MTHFR / Methylation Pathways Testing & B12 Query

Hi All

Firstly thanks again to everyone who kindly took the time to respond with help and advice to my first post here last week.

In summary for people who haven't read that post or thread: I was diagnosed with hashimotos hypothroid almost 2 years ago, coeliac disease soon after. I have positive parietal cell antibodies and generally things seem to be pointing to B12 defiency/PA. Im 100% gluten free and taking levothyroxine but feeling more exhausted than ever. Have lost my job, am unable to go out for more than a couple of hours (and even then feeling awful) and I want my life back.

I have put together an action plan on the back of my reading, research, informal discussions with a nutritionist, a lab testing company and other knowledgeable people along with all the comments from the lovely people from here and thyroid forum last week.

Unfortunately part 1 of my plan has failed already! I contacted my endo to ask for his authorisation for B12 injections. I mentioned some of the things that forum member Polaris and others had mentioned that Docs should do even if tests show normal levels, if patient still exhibits symptoms. This was his response:

"I do believe that B12 levels can appear normal when someone is truly deficient. However it is difficult to sanction treatment or ask your GP to kindly administer this when the results look “okay” as they may not feel comfortable prescribing under those circumstance. Secondly I mentioned in the past methylation pathway defect tests – if these are abnormal then the type of B12 you require may be just as important – too much or the wrong type of B12 and/or both can cause more problems. Therefore suggest working through the problem with Nutritionist with results may be best solution."

Now I have mentioned these B12 injections to him previously also. So I do not wish to push the point with him as he has generally been quite helpful and empathetic. However I need to take some action, hence the plan I wrote at the weekend.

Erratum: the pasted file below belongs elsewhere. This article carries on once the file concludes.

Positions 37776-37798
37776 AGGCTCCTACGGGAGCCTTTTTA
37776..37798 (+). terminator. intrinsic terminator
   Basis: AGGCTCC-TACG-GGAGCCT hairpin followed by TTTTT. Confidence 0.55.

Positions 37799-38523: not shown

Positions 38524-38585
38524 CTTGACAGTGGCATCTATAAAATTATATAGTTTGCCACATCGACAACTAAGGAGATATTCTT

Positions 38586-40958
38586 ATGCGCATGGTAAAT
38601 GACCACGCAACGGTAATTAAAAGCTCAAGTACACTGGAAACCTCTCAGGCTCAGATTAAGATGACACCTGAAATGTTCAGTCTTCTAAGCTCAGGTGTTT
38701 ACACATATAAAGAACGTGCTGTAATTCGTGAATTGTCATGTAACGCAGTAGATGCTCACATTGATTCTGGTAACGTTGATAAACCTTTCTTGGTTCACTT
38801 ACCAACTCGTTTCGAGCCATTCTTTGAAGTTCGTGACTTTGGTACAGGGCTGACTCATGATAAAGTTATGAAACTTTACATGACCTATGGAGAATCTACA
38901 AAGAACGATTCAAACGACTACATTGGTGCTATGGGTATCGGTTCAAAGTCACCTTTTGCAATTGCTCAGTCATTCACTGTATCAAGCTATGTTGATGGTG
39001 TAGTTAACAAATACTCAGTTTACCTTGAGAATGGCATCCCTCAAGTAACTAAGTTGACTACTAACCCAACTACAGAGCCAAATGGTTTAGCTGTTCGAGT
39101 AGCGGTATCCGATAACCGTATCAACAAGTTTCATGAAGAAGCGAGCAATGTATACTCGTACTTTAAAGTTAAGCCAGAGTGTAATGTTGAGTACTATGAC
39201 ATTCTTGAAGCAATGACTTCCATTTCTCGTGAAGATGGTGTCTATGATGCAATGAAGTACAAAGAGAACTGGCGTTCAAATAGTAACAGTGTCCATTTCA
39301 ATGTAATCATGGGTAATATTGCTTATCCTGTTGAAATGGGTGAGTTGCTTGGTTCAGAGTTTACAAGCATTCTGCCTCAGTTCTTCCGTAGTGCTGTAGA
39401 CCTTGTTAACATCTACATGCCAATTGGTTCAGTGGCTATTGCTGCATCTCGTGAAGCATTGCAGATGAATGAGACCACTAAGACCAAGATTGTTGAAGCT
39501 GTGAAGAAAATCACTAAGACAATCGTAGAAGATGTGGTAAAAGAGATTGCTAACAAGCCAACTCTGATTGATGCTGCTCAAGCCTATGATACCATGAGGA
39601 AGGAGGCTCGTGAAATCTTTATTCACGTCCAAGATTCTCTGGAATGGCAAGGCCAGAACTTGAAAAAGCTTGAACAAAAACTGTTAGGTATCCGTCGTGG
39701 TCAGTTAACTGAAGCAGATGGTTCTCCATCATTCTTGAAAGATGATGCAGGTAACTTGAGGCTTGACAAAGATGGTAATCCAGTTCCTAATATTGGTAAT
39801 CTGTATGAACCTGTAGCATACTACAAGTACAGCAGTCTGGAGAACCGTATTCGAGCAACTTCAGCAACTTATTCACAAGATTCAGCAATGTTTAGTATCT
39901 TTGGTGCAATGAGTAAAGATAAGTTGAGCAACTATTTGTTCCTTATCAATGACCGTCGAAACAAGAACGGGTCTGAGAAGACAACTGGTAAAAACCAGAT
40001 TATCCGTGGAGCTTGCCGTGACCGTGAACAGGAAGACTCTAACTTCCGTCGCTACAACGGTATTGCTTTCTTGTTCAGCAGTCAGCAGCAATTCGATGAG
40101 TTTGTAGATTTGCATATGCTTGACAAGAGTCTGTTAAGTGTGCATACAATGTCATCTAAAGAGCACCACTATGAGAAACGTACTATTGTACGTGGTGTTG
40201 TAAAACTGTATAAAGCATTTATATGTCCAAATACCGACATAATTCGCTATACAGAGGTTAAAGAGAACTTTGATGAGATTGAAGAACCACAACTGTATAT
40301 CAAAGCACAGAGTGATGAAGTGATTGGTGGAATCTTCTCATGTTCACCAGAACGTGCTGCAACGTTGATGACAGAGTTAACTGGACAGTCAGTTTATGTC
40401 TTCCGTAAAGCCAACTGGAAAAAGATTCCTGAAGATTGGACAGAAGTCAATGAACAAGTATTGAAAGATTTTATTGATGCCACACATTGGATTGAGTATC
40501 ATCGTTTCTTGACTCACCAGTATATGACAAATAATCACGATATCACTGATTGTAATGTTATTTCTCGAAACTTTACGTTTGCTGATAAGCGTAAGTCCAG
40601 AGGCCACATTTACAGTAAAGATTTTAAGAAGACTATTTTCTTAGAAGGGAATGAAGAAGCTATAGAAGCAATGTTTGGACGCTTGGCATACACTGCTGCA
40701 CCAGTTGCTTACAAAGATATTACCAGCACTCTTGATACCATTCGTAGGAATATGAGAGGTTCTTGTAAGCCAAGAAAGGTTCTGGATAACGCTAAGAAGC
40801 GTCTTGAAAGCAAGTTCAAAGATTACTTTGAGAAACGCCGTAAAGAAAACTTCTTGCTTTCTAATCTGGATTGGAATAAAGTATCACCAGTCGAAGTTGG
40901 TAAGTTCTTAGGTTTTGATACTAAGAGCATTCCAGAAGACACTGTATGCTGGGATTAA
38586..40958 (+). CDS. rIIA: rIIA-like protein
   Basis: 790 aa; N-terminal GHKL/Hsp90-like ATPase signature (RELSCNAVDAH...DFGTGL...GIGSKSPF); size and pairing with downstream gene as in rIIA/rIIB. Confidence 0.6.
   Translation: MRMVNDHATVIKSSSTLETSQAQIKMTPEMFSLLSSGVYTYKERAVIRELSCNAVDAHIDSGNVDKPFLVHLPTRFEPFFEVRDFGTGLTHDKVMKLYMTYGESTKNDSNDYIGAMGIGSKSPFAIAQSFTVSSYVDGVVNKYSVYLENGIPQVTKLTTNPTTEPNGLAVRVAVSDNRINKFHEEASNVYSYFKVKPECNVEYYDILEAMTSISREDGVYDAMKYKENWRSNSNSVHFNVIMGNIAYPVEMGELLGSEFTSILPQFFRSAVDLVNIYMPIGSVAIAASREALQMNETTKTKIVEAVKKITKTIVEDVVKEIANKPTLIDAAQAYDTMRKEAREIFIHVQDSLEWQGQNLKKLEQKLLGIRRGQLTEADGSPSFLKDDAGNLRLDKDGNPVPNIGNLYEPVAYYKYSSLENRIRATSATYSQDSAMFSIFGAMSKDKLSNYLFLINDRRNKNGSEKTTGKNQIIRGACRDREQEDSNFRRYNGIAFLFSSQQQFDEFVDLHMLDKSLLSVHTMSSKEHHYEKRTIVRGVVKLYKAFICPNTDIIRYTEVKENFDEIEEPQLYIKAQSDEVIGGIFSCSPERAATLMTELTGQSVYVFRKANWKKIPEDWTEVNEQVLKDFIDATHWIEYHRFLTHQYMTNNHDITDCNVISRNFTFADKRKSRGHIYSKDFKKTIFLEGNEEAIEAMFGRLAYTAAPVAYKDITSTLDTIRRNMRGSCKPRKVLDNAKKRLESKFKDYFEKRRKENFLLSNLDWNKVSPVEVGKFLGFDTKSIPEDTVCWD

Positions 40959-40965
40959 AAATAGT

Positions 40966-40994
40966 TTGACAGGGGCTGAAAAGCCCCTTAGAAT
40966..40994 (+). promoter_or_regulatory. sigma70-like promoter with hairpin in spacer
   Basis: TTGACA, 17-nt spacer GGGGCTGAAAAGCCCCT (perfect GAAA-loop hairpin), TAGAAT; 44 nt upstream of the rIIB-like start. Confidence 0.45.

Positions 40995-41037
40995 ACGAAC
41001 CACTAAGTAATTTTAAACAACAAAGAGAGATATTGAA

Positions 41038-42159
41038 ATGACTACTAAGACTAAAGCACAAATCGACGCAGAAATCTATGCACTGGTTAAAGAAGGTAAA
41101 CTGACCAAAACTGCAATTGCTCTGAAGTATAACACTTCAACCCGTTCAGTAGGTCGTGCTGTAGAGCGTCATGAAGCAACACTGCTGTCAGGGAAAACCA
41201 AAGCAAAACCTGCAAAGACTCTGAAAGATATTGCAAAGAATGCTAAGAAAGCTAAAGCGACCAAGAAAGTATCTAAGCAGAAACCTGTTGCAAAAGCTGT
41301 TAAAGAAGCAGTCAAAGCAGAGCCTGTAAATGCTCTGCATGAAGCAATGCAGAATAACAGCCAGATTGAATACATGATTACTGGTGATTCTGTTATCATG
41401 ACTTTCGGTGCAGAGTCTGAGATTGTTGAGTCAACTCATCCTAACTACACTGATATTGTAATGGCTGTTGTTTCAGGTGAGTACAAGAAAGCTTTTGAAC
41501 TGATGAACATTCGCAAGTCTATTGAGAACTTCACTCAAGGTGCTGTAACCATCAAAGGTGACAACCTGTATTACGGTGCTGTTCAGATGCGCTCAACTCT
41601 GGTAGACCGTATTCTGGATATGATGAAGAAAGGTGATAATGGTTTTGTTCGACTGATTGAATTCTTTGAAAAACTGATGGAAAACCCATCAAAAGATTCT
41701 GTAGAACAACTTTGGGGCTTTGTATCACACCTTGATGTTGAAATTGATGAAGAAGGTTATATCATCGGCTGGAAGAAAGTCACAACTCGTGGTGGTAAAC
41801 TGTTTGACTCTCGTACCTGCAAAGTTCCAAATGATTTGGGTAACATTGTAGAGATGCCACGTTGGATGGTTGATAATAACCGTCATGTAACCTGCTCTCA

MTHFR testing is one of the points on my plan.

So my questions here are:

1) re the Endo's letter above - I did not realise there were different types of B12 that I could take! Could anyone shed any light on this? And re: "too much" B12 - I thought that the body just discharges what it doesn't need?

2) Methylation pathway testing. I looked into this a lot last week and have found a couple of companies that do genetic testing. I have found it gets very very complicated! One site I found though seemed simple enough "23andme". Has anyway any experience of using them? If so is it possible to just find out what is going on with my thyroid and any vitamin/mineral defiencies? i.e I want to find out what is wrong with me now so that I can work on fixing it, and not get a load of data telling me I might have heart disease in the future!

I hope those questions make sense, and would be grateful for any helpful advice. Thanks for reading.


16 Replies

  • If you look through posts in the last few weeks you should find several about methylation problems

    Forms of B12 that are available are - in ascending order of getting closer to the fully methylated formats

    cyanocobalamin (used in US)

    hydroxocobalamin (used in UK)



    Cyano is the most stable form.

    You need to be a bit careful about which forms of B12 you use if you have an MTHFR mutation as methylcobalamin can be a disaster for at least one.

    There is a theory that actually taking less methylated forms clogs up the system and stops the more methylated forms. One of the posts has a link to an explanation of this. Not sure that it really applies if MTHFR isn't a problem as I find using a range of forms of B12 quite beneficial.

  • This link may be useful - seems to be quite a balanced introduction to MTHFR

  • I found that interesting actually, thank you

  • Thanks Gambit, I'll have a search back through those posts.

    It seems that's perhaps why my Endo is urging caution before I go down the B12 route, and suggesting I check MTHFR issues first.

  • Sorry, one last reply to your post! Are you saying that personally you take more than 1 B12 form? Thanks

  • currently using hydroxo (best for depression and anxiety), methyl (helps with tingling and numbness in my feet), and adenosyl (gives me more range of motion in my left foot and also helps with the tingling and numbness

    However, these are my responses and others could be totally different.

  • Thanks Gambit. I've ordered the genetic kit now, so hopefully I'll know soon re B12 (amongst other things)

    I'm glad to hear that you're responding well to the different B12's

  • You have certainly been very proactive in approaching your problems Lee.

    Seems that, as usual, the clinicians are all sitting on the fence, sticking to test based medicine only, and unwilling to recommend or follow guidelines when the fact is that you have all the indications of an absorption problem leading to neurological symptoms that are badly affecting your life and need to be treated as soon as possible.

    It might be worth contacting the PAS re. MTHFR and how this would be affected.

    I'm not sure whether the following is helpful or not, as Hydroxocobalamin is usually prescribed in the UK: